GSA Annual Meeting in Denver, Colorado, USA - 2016

Paper No. 189-1
Presentation Time: 8:00 AM


ROSENBERRY, Donald O.1, NARANJO, Ramon1, BRIGGS, Martin A.2 and JONES, Perry M.3, (1)U.S. Geological Survey, MS413, Bldg. 53, DFC, Box 25046, Lakewood, CO 80225, (2)Office of Groundwater, Branch of Geophysics, U.S. Geological Survey, Storrs, CT 06279, (3)Minnesota Water Science Center, U.S. Geological Survey, 2280 Woodale Drive, Mounds View, MN 55112,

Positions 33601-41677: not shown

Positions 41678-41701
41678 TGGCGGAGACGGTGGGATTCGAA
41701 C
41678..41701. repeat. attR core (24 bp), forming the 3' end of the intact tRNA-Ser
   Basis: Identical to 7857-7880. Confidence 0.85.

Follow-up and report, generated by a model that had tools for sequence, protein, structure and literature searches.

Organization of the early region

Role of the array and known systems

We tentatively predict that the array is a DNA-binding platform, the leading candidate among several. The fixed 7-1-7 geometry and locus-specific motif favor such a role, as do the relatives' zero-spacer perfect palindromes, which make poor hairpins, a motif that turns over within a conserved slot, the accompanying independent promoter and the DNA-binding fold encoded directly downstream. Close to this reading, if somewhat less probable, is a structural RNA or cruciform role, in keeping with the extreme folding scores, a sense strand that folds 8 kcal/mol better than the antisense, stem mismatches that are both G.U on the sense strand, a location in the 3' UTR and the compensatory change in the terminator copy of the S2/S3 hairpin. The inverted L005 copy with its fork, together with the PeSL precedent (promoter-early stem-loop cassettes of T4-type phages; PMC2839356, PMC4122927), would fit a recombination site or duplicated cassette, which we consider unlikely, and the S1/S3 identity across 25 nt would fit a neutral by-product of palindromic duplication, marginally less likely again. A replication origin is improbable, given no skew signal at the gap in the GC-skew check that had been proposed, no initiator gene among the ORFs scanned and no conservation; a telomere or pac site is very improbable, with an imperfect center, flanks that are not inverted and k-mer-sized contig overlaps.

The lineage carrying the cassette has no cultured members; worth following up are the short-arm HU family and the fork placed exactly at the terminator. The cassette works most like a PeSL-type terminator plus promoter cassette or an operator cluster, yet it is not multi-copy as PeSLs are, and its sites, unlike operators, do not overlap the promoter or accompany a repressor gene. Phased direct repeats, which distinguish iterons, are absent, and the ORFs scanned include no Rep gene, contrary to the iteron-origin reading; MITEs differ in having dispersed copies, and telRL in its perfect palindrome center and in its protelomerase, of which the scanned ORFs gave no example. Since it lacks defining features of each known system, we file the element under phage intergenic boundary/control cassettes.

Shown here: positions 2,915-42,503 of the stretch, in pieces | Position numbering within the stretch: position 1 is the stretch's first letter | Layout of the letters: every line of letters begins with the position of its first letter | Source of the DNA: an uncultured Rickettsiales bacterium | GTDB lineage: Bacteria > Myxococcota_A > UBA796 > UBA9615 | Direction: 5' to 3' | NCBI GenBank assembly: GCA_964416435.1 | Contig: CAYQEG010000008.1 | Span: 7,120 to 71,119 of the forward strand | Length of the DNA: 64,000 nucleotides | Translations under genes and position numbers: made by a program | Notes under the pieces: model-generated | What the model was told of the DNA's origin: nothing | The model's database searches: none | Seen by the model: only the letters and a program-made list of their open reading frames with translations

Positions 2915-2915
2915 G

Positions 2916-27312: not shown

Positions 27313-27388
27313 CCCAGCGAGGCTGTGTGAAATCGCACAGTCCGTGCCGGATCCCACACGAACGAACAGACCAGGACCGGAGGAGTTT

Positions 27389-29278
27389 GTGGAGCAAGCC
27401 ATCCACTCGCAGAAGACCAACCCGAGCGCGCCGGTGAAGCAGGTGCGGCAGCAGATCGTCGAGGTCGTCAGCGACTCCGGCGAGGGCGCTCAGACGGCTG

Recent technological advancements have led to better quantification of exchange of water, chemicals, and nutrients between groundwater and lakes. Modifications of seepage meters, which provide a direct measurement of flow across the sediment-water interface, result in better repeatability, greater efficiency, and allow use in a broader range of physical settings. Better and cheaper analysis of chemical and isotopic constituents allows greater use of simple mixing models to identify and quantify sources of water in surface water and adjacent groundwater. Temperature-based methods allow both areally extensive reconnaissance for focusing efforts where groundwater flow to a lake or wetland is relatively fast, and the potential for monitoring seepage during extended periods. Nevertheless, the longstanding challenges that have hindered research at the sediment-water interface, identifying and quantifying spatial and temporal variability, remain. Combinations of new and existing measurement methods provide new insights that are directly confronting these challenges. Temperature (infrared) sensed remotely from various platforms can show near-shore distribution of groundwater flow to lakes when groundwater temperature is sufficiently different from that of the lake surface. Fiber-optic distributed temperature sensing can identify areas of focused groundwater discharge on scales from meters to kilometers. Vertical-temperature profiling of bed-sediment temperature is proving ever more useful for quantifying groundwater-surface-water exchange over time using simple models; the accuracy of these models is improved with newly-developed methods to measure thermal parameters of saturated sediments using ambient diurnal signals. Recent improvements in temperature-based analytical tools, such as 1DTempPro and VFLUX, have accelerated the adoption of these methods. Simultaneous implementation of multiple methods provides both improved quantification of flow and improved understanding of the processes that control flow. Combining these physically based advances with improved methods and understanding from the biological and geochemical communities will lead to better understanding of the physical, biological and geochemical linkages that are important to this ecotone.